American scientists have found that functional connections that are needed for processing visual information about faces and places, present in the brain of infants for a few days. To do this, they followed separate areas of the visual cortex and nearby divisions in the brain of infants from six days to two months and adults. Article published in the Proceedings of the National Academy of Sciences.
The sensory system of the brain is quite specific in terms of processing incoming information. First and foremost, it concerns visual stimuli: after treatment of the primary visual cortex (in front of her, by the way, the preprocessing performs and posterior parietal cortex) different aspects of visual information (e.g., color, shape, orientation) are analyzed in different parts of the brain. It is interesting that such selective treatment applies not only to the individual parameters of the visual stimulus, but it as a whole visual system of the human brain, therefore, is not only a separate area that is responsible for color recognition, but also those that recognize mainly the face.
Selective treatment appears to be very important for the human brain. To the end, however, it is unclear whether it occurs in the process of human learning by contact with the visual stimulus or is present originally formed in the early stages of development before birth. Recent studies indicate that selective processing of visual stimuli may in fact be innate (or developed very early and very quickly — in just a few days): the “right” face shape can recognize even a four-day children, but involved in the treatment have the same divisions of the occipital lobes in adults. The experiments on monkeys show that the monitoring of people’s ability to recognize them is still necessary. It is unclear at this how is the ability to process other stimuli in comparison with the same parties: it’s possible that in the early stages of development (but after birth), the brain still does not process information selectively.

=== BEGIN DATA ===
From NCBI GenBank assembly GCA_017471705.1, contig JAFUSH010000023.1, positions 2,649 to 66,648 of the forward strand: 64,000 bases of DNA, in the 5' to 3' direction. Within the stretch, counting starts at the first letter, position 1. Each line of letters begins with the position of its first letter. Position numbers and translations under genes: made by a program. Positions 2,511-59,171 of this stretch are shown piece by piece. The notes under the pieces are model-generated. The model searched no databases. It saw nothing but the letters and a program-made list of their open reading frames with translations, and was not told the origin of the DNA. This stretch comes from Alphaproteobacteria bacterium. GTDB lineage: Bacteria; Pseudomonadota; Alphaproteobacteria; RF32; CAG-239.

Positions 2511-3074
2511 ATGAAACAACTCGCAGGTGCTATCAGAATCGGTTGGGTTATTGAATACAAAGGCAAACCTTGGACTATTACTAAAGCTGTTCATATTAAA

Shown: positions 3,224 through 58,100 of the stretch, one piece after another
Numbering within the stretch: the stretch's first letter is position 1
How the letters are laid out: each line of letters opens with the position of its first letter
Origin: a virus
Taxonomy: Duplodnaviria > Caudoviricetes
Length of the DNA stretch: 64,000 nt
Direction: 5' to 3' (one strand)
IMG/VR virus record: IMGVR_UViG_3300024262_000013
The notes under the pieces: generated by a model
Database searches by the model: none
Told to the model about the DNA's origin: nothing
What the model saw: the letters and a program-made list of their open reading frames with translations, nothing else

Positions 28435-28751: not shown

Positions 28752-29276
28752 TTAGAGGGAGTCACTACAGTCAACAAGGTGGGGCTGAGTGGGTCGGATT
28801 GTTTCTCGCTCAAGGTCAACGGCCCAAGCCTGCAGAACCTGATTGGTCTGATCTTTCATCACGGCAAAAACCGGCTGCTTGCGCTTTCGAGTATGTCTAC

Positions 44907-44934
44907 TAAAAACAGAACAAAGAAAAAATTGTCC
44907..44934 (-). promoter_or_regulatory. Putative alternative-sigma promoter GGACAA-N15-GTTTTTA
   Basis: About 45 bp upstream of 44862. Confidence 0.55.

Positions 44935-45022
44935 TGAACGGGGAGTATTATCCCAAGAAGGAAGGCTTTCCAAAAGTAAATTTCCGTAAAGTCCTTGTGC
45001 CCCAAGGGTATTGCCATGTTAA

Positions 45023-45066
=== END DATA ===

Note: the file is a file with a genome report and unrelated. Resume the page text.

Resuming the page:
Check it out on the example of the processing of persons and places decided by scientists under the leadership of Frederick Kamps (Kamps Frederik) from Emory University. In their experiment involved 30 infants aged from six days to less than two months (the average age of the participants — less than one month). They suggested that if processing system of different incentives in fact innate, they should be allocated already at such an early age and must be visible and without stimulation — the strength of functional connections between them.
Scientists conducted an experiment using fMRI in the resting state with the participation of all infants and, for comparison, 15 adult. They focused on five areas of interest in the brain: primary visual cortex, which receives first information about a visual stimulus, the area of the occipital lobe selectively processing faces, and functionally related part of the fusiform gyrus and associated with each other retrosplenial crust and parahippocampal gyrus that selectively process visual information about the places. Data on the participation of departments considered in the selective processing of visual stimuli previously obtained for adults.
It turned out that in infants just as in adults, functional connectivity between areas involved in processing a particular stimulus type (either persons or places), is stronger than between plots that treated with different stimuli. A similar relationship was observed regardless of age of the baby.